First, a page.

I dislike these button head . I just had a 2nd one round out . This time was one you need to remove to get that plate off to get to front tank bolts.  Its  was soft as soon as I started turning  it gave way . (Yes I was using the right size) . This is the 2nd one .  Iam going to replace some of these with a proper bolt .  >:(  The larger ones like fender are fine its the small ones. 
[


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Re: Threads on Nuts/Bolts/Spark plugs
« Reply #26 on: Nov 10, 2012, 09:59:28 PM »
I dislike these button head . I just had a 2nd one round out . This time was one you need to remove to get that plate off to get to front tank bolts.  Its  was soft as soon as I started turning  it gave way . (Yes I was using the right size) . This is the 2nd one .  Iam going to replace some of these with a proper bolt .  >:(  The larger ones like fender are fine its the small ones. 
I have taken off that plate about 6 times this past week . I too hate the little bolts. I will be puttin a stronger bolt instead of allen head. Those never fail to strip on me. 
Some prefer medicine. I prefer my Raider.

bigjohn

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Re: Threads on Nuts/Bolts/Spark plugs
« Reply #27 on: Nov 20, 2012, 05:30:37 PM »
screwin around with nuts and bolts is an art that only experience can teach. as far a kids. today's versions sucks,plain and simple. the modern way of raising them is a complete failure...hence the nickname 'the lazy generation'. but don 't worry it'll only get worse. big john

sundancer87

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Re: Threads on Nuts/Bolts/Spark plugs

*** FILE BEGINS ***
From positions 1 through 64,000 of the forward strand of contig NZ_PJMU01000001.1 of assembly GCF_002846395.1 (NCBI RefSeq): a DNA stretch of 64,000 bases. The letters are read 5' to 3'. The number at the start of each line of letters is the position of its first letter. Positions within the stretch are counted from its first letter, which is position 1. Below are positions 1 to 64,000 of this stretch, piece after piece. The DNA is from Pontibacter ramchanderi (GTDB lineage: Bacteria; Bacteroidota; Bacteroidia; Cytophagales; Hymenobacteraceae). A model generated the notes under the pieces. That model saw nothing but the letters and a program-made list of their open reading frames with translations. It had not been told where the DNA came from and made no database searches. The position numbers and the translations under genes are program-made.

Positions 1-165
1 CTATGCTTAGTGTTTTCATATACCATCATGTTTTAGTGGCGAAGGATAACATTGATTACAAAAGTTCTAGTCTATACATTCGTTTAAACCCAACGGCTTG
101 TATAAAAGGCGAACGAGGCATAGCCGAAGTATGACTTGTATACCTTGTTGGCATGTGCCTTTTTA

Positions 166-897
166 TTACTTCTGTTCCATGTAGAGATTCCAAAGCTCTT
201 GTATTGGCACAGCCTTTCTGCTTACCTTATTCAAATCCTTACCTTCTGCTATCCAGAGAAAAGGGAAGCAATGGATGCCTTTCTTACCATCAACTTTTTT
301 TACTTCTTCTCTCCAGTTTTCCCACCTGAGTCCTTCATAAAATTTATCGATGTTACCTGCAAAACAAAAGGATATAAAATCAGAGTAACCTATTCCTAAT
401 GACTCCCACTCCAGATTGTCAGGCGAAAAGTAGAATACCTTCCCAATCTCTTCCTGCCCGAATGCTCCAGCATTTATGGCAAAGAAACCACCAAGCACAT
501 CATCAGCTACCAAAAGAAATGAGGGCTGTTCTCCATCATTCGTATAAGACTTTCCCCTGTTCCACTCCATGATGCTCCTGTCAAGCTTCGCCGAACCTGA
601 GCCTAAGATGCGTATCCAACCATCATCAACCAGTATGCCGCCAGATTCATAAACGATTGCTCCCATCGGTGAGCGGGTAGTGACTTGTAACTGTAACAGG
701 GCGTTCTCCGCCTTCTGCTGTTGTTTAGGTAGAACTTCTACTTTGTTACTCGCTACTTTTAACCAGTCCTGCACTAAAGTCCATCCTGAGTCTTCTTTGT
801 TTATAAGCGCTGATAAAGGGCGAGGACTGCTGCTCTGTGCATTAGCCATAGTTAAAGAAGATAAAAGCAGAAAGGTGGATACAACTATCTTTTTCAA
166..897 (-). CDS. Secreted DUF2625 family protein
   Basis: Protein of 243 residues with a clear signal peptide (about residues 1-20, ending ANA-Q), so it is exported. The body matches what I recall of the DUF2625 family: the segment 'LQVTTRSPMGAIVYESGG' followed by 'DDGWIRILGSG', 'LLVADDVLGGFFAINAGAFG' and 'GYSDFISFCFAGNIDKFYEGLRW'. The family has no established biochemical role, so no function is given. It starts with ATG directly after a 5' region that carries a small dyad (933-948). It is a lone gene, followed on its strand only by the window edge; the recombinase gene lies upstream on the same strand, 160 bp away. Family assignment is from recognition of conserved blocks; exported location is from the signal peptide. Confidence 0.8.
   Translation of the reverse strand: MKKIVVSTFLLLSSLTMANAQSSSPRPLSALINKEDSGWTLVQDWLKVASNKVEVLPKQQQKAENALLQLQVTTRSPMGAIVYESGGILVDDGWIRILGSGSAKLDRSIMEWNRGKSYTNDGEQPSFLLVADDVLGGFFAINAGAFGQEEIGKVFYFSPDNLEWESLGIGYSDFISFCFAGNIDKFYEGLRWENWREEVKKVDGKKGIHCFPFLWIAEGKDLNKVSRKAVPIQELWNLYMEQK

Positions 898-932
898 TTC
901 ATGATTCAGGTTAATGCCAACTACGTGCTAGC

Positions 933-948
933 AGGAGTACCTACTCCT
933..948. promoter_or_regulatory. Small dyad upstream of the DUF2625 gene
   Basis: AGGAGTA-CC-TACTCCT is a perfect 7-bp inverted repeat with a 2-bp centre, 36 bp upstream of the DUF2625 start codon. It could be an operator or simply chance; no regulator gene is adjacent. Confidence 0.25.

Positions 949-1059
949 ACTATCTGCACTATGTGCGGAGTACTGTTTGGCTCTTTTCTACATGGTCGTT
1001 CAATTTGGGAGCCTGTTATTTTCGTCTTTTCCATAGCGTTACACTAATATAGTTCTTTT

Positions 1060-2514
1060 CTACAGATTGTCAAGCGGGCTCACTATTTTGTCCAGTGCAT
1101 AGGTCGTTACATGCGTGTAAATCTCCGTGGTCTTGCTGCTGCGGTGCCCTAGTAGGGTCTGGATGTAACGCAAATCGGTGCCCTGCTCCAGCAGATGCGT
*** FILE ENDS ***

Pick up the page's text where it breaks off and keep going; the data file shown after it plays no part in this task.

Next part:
« Reply #28 on: Feb 12, 2013, 05:51:30 PM »
I'll chime in on this one with personal experience on my Raider. While removing the left side frame mount the bolt which goes into the rear head seemed awful tight. I summed it up as lock tite and kept turning, once out I realized the bolt was bent and as I turned it out it chewed up any thread I had left. Long story short I managed to drill it out, and using a heli-coil I managed to save it. The stock bolt now threads in with ease and using only my fingers.
I've heard of stripping spark plug holes as well, this is more common than you would believe especially in the automotive industry where car makers make getting at spark plugs a nightmare. Several companies sell tap and heli kits suited for spark plugs in particular. You will be forced to remove the head when doing this so you don't end up with metal in your bore.
Cheers,

Actually, a good heavy bodied grease applied to the tap will catch the cuttings.  I've done this many times w/o pulling a head.

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Re: Threads on Nuts/Bolts/Spark plugs
« Reply #29 on: Aug 14, 2013, 09:31:31 PM »
THIS is a lifesaver! Works good as heat, but does not damage plastics or refinished surfaces.
there are cheaper alternatives than loctite, btw...